I’m powering through the last sections of Richard Duncan’s seminal text. The dollar crisis and here on page 219, he is quoting. A speech from the governor of the bank of Japan. Massaro hi army on July 24, 2002. And as many of Japan is the ultimate experiment in monetarism ride Japan. With the guys that really threw the money printing sink at a moribund economy in the hope that it would kickstart, but here’s a couple of points. The first point that the governor of the bank of Japan made 19 years ago is this.

The bank has conducted decisive, monetary easing, which is wait for it. Unprecedented. In the history of central banking, both at home and abroad or first point he’s honest. And he’s telling it like, it actually is going, you know what, everybody. We’ve just printed more money than anyone. Anyway. That was 2002.

And of course, if you had a time machine, he would realize that really when it comes to printing money, They was a bit of an amateur, really, because it’s just changed so much since then. But here is a couple of key points in this speech. He says it is extremely difficult. To revitalize Japan’s economy. Wait for it.

Solely by monetary easing. When it faces various structural. Problems one more time. It’s difficult to revitalize Japan’s economy. Solely by monetary easing. When it faces various structural problems. Now. Let’s summarize that let’s make that more accessible. Even. He’s basically saying that we’ve thrown more and more money at this. And we have not been able to revitalize it because there’s inherent.

Structural problems around productivity, perhaps. Because at the end of the day, wealth, isn’t just magically printed and you can’t create wealth through necessarily through inflational through stealing it from others. You create it through producing goods and services of value.

So way back, 19 years ago, we had the first absolute evidence of a central bank. Trying to throw money at an economy. And realizing that it didn’t work. It fundamentally. Did not work. Now I was listening to a meal colonoscopy and Jeff Snyder, their podcast making sense the other day, which I really like.

And he was quoting someone. I can’t get the exact quote and have to dig it out again, but basically made the point that, you know, science. Builds on itself, right? I The basis of the scientific method is that you keep building upon previous discoveries. So as Newton famously said, if I have seen further is because I’ve stood on the shoulders of giants.

Now you’d think that you’d look back at the Japanese experiment and say they responded to structural problems in the economy by printing vast amounts of money. And they’re telling us it didn’t work. So if you look at what’s happening in the U S now, so the stimulus package is what, 1.9 trillion. George Gammon showing us a course that unemployment’s rising while incomes are going stratospheric.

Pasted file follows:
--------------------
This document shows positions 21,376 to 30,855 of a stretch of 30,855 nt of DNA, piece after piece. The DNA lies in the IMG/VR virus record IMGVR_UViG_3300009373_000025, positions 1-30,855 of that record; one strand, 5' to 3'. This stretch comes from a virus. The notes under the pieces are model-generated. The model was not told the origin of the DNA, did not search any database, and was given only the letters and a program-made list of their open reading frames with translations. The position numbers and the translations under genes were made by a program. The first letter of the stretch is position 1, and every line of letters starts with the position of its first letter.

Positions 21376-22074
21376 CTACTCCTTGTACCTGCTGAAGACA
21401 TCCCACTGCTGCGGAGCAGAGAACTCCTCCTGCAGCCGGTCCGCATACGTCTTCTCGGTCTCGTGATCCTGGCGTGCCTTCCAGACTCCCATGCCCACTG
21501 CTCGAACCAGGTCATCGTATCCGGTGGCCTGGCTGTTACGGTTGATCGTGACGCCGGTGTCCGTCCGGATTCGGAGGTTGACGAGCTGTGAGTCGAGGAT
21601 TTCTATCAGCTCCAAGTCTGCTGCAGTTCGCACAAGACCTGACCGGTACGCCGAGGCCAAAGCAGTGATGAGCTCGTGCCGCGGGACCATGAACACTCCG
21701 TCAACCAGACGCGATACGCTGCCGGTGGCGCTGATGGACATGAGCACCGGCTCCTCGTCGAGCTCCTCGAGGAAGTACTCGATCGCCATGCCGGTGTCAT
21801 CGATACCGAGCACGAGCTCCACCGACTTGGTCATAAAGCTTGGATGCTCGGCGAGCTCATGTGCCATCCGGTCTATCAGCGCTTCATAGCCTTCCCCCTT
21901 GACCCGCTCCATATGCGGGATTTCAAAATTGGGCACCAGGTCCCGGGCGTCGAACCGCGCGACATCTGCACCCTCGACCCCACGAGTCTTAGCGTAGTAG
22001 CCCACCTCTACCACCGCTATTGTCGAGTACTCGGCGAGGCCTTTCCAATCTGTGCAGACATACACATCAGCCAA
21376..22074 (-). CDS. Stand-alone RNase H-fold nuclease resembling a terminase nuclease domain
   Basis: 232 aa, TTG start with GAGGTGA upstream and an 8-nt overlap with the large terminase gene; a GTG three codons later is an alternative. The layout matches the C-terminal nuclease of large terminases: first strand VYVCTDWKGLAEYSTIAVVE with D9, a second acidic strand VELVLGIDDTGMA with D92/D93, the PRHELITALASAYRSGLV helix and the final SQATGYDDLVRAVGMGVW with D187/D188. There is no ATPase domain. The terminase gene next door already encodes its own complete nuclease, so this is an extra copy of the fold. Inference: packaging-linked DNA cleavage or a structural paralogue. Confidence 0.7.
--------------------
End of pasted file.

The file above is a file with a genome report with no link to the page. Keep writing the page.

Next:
How are these not structural problems? And what’s their response to print more money to produce more stimulus. So it’s interesting that in science we learn from the past, I you got to hospital next week. They’re probably not using leeches. Interesting trivia that actually still do use leeches in hospitals. Believe it or not. My wife was a nurse many years ago.

But they’re probably not going to do that. They’re probably not. Going to provide no anesthetic, the scientific method taught them that that in medical science, for example, you could make things better by learning from the past. But here we are in 2021. Seemingly incapable of learning from the messages of the past and history itself.

So we are in interesting times and I desperately do not want to be a pessimist. I’m trying to constantly. Stop to smell the economic roses. But it’s a little bear and I’m curious, and I’d love you to post a comment. About where we’re truly heading. I just can’t see how in Duncan’s methodology. We’re not just in vast asset bubbles that.

Cannot be resolved. By printing more and more money, but that is what we are doing. Alright, let me know what you think. Please share this with a few people. Please make sure you hit subscribe. It’s been great to see the numbers. Growing every week, but wherever you’re listening to this, the supply side podcasts, Spotify, Google podcasts, Apple. If you could leave a rating, give it some stars and hit that subscribe button.

But you know what the biggest single 📍 thing you could do to help would be to grab this review, hearing it and post it on your social media feeds. I don’t use social media, unfortunately, you won’t find me on it, but if you are still using it, You can at least get some common sense out there. Two other people who may find it of interest. Okay. One more time. Remember that quote from the start, John Locke’s second treatise in government.

It is the natural right. Of every person that they should not be subject to the inconstant uncertain, unknown, arbitrary will of another man. And as we reject the lessons of history, Then the, what tends to happen is more and more control. All right. God bless you everybody please make sure you’ve subscribed my name’s jonathan doyle this has been the supply side podcast And i’m going to have another message for you very soon